Hey everyone! Welcome to another Modern Musings.  Today I’m starting a three part series on artifact decks that people have either forgotten about or are flying under the radar. The card we are focusing on this time hasn’t really been seen in a while.  If you read the title of the article, then you of course know that I’m talking about Metalwork Colossus.  This is a card I was huge on in Standard when it first came out, but Mardu Vehicles proved to be too strong for its deck and I feel like the card has mostly fallen into obscurity.  It’s a shame since the card is so fun, so let’s look at what we can do with the card in Modern.


So roughly it gets cheaper based on the noncreature artifacts you have on board.  In Standard, the deck that best utilized it used things like Hedron Archive and Cultivator’s Caravan to accelerate into Colossus.  We are going to follow a similar pattern for Modern, but fortunately, we have far more efficient mana rocks.  Enter the Borderposts:

If you haven’t seen these babies before, they basically allow you to exchange your land drop for a three CMC mana rock.  For our purposes, this is actually the absolute best thing we could ask for.  While you can technically play Colossus decks in Modern without these, I don’t see why you would want to, considering how efficient they are for you.  Besides Borderposts, what other manarocks does Modern give us access to?

What Mind Stone lacks in efficiency, it makes up for in utility, allowing us to draw a card when we no longer need the mana.  Talisman is mostly just along for the ride as we need a little bit of filler in the two-drop mana rock slot and there really isn’t anything better.

At the top of our mana rock curve we have the familiar Hedron Archive, as well as Dreamstone Hedron.  Amusingly, while I was writing this I noticed that Hedron Archive is just two Mind Stones taped together, while Dreamstone Hedron is three.

The Utility

While a good chunk of our deck is mana rocks, we need some additional help in actually drawing our Colossuses (Colossi?).  Fortunately, we have a plethora of artifact support cards to choose from.

If you played the Standard version of this deck then this little bird should look pretty familiar.  Glint-Nest Crane serves a nice dual purpose in our deck as it both helps us dig for appropriate artifacts as well as preserve our life total.

What blue artifact deck would be complete without Thirst for Knowledge?  Thirst allows us to dig at instant speed, which means that we can leave up mana for removal spells or counterspells and spend our mana where it benefits us most.

Treasure Mage is one of the ways that we can tutor up our Metalwork Colossuses or Akroma’s Memorial (yes, we are in fact playing Akroma’s Memorial, I’ll get to it in a sec).  It finds us our finishers and it plops a 2/2 body into play.  Not too bad.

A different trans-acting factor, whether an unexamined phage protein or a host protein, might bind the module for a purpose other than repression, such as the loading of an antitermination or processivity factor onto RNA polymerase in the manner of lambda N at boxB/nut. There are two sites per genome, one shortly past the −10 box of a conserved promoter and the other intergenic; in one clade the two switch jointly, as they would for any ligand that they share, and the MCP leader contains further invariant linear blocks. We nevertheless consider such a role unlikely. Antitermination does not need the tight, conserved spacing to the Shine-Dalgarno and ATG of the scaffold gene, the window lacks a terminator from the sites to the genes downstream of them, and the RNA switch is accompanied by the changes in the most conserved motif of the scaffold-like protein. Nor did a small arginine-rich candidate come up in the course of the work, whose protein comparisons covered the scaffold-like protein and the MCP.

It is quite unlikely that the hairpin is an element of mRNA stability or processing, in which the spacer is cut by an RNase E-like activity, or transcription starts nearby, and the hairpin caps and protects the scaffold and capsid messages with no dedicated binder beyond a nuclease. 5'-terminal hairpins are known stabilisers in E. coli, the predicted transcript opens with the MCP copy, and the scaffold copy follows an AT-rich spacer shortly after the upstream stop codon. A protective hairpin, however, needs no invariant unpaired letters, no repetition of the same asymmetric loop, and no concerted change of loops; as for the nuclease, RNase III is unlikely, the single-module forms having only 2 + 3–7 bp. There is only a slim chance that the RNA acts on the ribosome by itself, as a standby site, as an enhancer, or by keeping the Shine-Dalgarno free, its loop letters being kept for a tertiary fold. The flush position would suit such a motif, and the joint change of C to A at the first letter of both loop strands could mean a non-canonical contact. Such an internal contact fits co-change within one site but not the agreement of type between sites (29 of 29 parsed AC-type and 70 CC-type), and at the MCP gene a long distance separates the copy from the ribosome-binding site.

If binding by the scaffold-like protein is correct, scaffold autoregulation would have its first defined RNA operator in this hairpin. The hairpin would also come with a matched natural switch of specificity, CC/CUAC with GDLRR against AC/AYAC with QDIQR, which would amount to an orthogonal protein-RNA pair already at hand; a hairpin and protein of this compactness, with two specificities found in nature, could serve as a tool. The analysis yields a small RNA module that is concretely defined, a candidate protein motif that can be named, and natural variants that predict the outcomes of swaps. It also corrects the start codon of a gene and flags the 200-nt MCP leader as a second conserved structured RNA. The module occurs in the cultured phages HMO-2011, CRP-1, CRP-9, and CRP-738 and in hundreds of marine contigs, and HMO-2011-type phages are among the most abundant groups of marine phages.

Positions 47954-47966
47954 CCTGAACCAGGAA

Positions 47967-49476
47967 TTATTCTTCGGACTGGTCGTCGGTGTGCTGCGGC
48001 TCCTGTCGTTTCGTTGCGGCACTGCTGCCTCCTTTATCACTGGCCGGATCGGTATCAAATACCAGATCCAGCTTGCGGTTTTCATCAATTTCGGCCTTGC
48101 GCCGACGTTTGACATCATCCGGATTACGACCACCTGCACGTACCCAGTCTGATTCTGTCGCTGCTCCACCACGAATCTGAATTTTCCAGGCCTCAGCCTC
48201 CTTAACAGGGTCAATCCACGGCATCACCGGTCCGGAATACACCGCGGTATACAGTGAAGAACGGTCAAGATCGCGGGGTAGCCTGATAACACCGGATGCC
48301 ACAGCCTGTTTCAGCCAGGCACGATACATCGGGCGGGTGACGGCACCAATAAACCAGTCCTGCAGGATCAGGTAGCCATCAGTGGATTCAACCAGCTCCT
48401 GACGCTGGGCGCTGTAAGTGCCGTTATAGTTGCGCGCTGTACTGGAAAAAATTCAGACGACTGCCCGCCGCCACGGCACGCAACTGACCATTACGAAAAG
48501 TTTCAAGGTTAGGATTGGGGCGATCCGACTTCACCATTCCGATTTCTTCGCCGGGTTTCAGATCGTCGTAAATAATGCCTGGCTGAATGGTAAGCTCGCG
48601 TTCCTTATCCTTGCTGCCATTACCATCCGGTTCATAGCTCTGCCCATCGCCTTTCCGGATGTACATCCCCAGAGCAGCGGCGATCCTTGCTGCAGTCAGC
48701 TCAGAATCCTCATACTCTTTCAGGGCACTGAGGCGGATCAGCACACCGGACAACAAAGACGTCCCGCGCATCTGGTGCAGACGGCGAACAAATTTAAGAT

Sanctum of Ugin is one of our prime combo Pieces as it lets us search for additional copies of Metalwork Colossus.  If we have enough artifacts to make Colossus free then we can use this to chain together a second copy onto the battlefield immediately.

Academy Ruins lets us get back important artifacts that have been destroyed or allows us to loop our Mind Stones for cards or Mindslaver for the win.

Helps protect our life total early and tutors for artifacts later on to help us close out the game, simple, but effective.


Condescend allows us to put our abundant mana to use in countering our opponents spells and filtering our draws.  This allows us to keep our opponent guessing when we have mana up to whether we are going to counter their spell or just cast an end-of-turn Thirst for Knowledge

This is about as close as you can get to Counterspell in Modern, and that’s pretty much how it functions.

Spatial Contortion takes advantage of the fact that we are running quite a few colorless mana sources in our deck.   This means that instead of having to sacrifice life for Dismember as a removal spell we can just cast this instead.


Akroma’s Memorial is fantastic in our deck, since from most board states it makes our Colossi free and gives them the much needed evasion in the form of flying and trample.  One of the problems that the Standard version suffered from is the fact that it was so easy to chump our 10/10s.  This is why being able to get Akroma’s Memorial off of Treasure Mage is such a big deal.

The Antiquities War is actually one of the main reasons I wanted to revisit this deck as it gives us most of what we want in an alternate win condition.  I know that in previous versions of this deck, March of the Machines was a popular include.  While this lacks the surprise factor that March had, I believe that it more than makes up for it with the ability to get two artifacts from the top ten cards of your deck.

Finally, last but not least, we have Mindslaver.  Mindslaver is included here so that we have a win condition that doesn’t necessarily involve attacking with creatures.  This is important so that if our opponent plays Ensnaring Bridge we don’t just have to scoop.  In case you aren’t familiar with the loop, if you get 12 mana + Academy Ruins, then you can take all of your opponent’s turns and eventually they deck themselves (you don’t deck yourself because you keep putting Mindslaver on top of your library).  It seems like an awful lot of mana to pull off, but in reality, sometimes even activating Mindslaver once is enough to win you the game.

The Deck


That’s all for this week. I hope you enjoyed the first part in my little series.  I have more spicy artifact decks in store, so stay tuned!

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